Journal of Neurophysiology

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Does the ascending cholinergic projection inhibit or excite neurons in the rat thalamic reticular nucleus?

Y. Kayama, I. Sumitomo, T. Ogawa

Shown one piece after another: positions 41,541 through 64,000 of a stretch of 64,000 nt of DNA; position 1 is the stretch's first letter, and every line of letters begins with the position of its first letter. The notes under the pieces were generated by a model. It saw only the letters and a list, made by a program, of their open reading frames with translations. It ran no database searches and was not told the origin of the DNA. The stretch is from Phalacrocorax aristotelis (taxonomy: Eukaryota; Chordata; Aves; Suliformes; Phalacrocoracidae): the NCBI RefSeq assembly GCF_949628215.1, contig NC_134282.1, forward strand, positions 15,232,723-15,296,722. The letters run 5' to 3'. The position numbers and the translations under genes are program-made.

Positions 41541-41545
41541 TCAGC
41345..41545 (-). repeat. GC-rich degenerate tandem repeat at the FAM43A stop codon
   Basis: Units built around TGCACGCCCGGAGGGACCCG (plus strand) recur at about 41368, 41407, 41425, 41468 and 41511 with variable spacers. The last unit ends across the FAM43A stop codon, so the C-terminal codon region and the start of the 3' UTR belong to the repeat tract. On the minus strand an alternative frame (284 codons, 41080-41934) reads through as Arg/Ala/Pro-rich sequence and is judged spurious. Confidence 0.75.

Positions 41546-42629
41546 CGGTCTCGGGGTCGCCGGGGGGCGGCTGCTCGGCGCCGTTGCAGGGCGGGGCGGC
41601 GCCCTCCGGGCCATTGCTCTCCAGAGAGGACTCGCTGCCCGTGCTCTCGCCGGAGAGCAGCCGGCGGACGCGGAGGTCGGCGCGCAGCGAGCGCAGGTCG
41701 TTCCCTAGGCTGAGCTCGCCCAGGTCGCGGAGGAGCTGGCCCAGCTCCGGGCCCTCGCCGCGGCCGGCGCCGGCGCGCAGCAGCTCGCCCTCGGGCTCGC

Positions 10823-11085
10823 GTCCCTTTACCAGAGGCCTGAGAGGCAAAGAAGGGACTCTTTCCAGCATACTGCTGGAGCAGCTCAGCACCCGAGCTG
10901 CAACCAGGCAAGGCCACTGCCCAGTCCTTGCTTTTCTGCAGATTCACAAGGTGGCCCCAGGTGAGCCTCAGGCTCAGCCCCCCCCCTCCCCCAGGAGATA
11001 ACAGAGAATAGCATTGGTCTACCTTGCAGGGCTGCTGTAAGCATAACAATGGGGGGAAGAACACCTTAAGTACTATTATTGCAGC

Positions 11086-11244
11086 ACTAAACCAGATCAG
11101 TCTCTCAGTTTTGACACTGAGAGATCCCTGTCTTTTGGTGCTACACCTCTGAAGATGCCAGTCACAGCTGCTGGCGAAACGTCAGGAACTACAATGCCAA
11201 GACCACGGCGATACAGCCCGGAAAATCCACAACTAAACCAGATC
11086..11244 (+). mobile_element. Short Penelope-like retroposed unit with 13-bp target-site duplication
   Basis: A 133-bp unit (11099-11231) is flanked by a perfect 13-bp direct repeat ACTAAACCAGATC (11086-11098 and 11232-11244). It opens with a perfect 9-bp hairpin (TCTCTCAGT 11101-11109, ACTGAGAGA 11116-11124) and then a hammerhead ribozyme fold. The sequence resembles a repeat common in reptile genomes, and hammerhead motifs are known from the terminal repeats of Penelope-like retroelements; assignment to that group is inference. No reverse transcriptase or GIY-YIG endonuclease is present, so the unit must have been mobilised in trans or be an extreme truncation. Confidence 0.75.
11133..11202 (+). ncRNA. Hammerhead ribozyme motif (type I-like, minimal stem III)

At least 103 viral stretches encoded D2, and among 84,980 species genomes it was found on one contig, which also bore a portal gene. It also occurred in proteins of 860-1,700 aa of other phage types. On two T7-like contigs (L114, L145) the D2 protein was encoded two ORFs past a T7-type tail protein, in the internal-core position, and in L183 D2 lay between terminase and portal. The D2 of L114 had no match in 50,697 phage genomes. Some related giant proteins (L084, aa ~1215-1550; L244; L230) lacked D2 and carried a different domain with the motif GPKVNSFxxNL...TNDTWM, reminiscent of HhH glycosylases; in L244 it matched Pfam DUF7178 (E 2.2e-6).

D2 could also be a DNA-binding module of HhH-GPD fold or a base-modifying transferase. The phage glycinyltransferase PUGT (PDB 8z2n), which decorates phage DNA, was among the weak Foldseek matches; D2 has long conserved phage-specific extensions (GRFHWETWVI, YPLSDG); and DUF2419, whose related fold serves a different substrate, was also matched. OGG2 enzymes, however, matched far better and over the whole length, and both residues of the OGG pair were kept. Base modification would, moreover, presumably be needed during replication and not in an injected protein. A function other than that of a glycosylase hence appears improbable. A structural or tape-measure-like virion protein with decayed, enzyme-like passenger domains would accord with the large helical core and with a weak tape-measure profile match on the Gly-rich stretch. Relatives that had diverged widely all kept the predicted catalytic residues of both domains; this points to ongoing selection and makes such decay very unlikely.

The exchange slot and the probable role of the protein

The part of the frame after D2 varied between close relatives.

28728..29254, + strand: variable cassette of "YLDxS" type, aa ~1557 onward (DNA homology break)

In rats anesthetized with urethan, neuronal activity was recorded in those portions of the thalamic reticular nucleus (TR) excitable by visual, somatosensory, or auditory input. Observations were made on changes in rate and pattern of discharge of these neurons during repetitive stimulation of the laterodorsal tegmental nucleus (LDT), which is composed of cholinergic neurons projecting to the thalamus. In general, TR neurons showed spontaneous activity consisting of sporadic bursts of several spikes and responded to sensory stimulation with bursts of spikes which repeated several times. Weak LDT stimulation depressed or eliminated the occurrence of both spontaneous and evoked burst discharges. When LDT stimulation was sufficiently strong, however, the majority of TR neurons resumed their tonic discharges. In some animals the cortical EEG was recorded simultaneously with unit recording in TR. Suppression of burst discharges in TR was obtained even with LDT stimulation weaker than the threshold for desynchronizing the EEG. The induction of tonic discharge, on the other hand, required stimulation strong enough to produce desynchronization. The effects of LDT stimulation, such as the suppression of bursts and the induction of tonic discharge, were mimicked by acetylcholine and were antagonized by scopolamine, both drugs being applied ionophoretically. Cooling of the visual cortex abolished LDT-induced tonic discharges of visual TR neurons. A recent report and our preliminary observation show that, when the resting potential is relatively hyperpolarized, TR neurons generated a burst of spikes superposed on a low-threshold broad spike, which is inactivated and replaced with tonic firing by depolarization. Supported by these facts, the present results suggest that cholinergic input depolarizes TR neurons directly and that further depolarization occurs indirectly via activated cortex when the LDT stimulation is sufficiently strong to desynchronize EEG.